Since 2018, I’ve bottle fed and cared for over 50 kittens who are too young to eat on their own. Prior to that, I had one 8 year old cat of my own, but wanted many. ❤️ And I felt the need to volunteer in a capacity that aligned with one of my passions – cats!
So I began volunteer rescue work through Feline Rescue, and am now exclusively with Bitty Kitty Brigade in Minneapolis. Our mission is to save orphaned neonatal kittens who are often euthanized at shelters or animal control because they do not have the knowledge, experience, or time to bottle feed kittens. Over the years, I’ve raised orphaned bottle kittens as young as 1 day old, and have cared for them through adoption at 12 weeks. We’ve also adopted one of our fosters, our sweet Tuxedo girl we named Bleu. All that to say, I’ve learned and seen a lot in relation to bottle feeding kittens and am happy to share my experiences with you so you can successfully bottle feed too.
The first thing you want to be sure of when you have kittens in your care is that they are warm, as they cannot regulate their own body temperatures. Keep a small heating pad wrapped a towel in their bed so that they stay warm, and are ready to eat. *Never attempt to feed a cold kitten. If their body temperature is less than 102 degrees F, place the kitten on an approved heating pad safely wrapped in two or three layers of towels. Turn the kitten side to side every 5 minutes. To stimulate blood flow, you may, ever so gently, massage the kitten with hand-rubbing.
Miracle Nipples: This is the only type of nipple I use because it was developed with small animals in mind, like kittens, puppies, and rabbits. The Miracle Nipple was designed by a wildlife rehabilitator with years of experience feeding orphaned animals, and it’s foolproof. It also alleviates the chance of an animal swallowing the entire nipple and with proper use will prevent aspiration of formula.
Miracle Syringes: I find it to be much easier to control the flow of formula using a Miracle syringe and depressing it slowly as the kittens eat, rather than having to figure out the right pressure for squeezing a bottle. These syringes also don’t stick after a few uses, they continue to glide, making feeding time much easier.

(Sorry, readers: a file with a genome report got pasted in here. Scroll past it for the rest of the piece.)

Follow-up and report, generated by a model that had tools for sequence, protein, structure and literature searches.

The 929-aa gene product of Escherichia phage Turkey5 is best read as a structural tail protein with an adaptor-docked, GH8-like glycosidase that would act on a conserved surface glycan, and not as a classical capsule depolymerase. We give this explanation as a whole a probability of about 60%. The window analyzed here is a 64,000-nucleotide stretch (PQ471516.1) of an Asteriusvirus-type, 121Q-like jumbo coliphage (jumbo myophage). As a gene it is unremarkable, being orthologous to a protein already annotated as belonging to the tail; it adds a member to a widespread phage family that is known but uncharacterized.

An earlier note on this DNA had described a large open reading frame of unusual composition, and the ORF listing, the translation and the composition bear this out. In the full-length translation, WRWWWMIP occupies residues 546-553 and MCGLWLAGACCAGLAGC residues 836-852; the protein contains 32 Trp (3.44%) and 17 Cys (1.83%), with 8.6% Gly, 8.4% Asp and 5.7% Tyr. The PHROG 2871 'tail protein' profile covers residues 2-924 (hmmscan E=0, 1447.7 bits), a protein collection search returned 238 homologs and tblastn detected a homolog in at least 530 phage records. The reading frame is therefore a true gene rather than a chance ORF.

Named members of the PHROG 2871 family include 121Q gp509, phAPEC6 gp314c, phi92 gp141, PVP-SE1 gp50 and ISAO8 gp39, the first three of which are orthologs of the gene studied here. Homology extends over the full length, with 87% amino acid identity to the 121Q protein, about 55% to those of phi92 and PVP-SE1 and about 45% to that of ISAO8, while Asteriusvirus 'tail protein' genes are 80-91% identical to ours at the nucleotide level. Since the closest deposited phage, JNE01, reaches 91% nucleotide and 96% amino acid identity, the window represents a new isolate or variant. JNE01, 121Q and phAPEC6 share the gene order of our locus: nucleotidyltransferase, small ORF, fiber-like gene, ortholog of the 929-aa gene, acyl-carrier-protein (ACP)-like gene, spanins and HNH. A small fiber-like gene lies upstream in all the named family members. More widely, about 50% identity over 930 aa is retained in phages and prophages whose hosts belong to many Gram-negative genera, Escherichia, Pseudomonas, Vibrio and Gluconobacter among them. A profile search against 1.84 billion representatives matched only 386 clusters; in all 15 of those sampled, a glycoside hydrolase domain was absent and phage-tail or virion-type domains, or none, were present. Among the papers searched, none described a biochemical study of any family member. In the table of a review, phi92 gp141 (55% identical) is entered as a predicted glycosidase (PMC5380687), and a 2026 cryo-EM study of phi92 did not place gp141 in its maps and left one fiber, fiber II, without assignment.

Kitten Milk Replacer Formula: see notes below.
Mini Whisk: It’s very important to dissolve all of the powdered kitten formula into the water, and this is easiest when you have a small whisk. You’ll avoid clogging the nipple with chunky formula.
Kittens that are 0-5 weeks old will need to eat a powdered kitten milk replacement (not the canned liquid formula, or cow’s milk – neither have the necessary nutrition) that is mixed with water. These powder replacements are very important for kittens because they contain necessary vitamins and minerals that they would have normally received naturally through the mama’s milk, ensuring proper development and growth.
The three brands of kitten milk replacement powder I recommend are:
I prefer KMR by Pet Ag because it contains both prebiotics and probiotics, a source of live naturally-occurring micororganisms. It is formulated to provide a caloric pattern similar to mother’s milk in protein, fat, and carbohydrates. I’ve found that kittens prefer the taste of KMR over the other two brands, and it dissolves easily in water with a mini whisk.
Powdered kitten milk replacement powder must be stored in the refrigerator once the can or bag is opened. It can also be stored in the freezer for up to six months, if you use some of the bag, but not all of it and are unsure of when you will have bottle kittens again.
In my experience with bottle feeding kittens, it is best to wait until they are AT LEAST 5 weeks old to start weaning them. If they were with their mama, they would be nursing until even 6-7 weeks, so care should be taken to make sure that they are still getting the nutrition they need from the formula.
To start the weaning process, I make a slurry of wet kitten food mixed with formula, and will start with it in a 20ml syringe so they start to adjust to the taste difference. From that point, once they start trying to bite the nipple over and over, I move the slurry to a small, flat plate and put some of it in the side of their mouth with my finger. Then encourage them to start licking the plate by moving them to it.
Kittens can start eating high quality dry kitten food once they are weaned and around 6-7 weeks old, but I would recommend keeping them on a mostly WET food diet, as it is so important for them to stay hydrated. Cats get 90% of their hydration from the food they eat, so an all dry diet could be very detrimental to their health. Feeding them wet food is also very helpful in getting your cat to sleep through the night, as it dramatically helps to keep them satiated.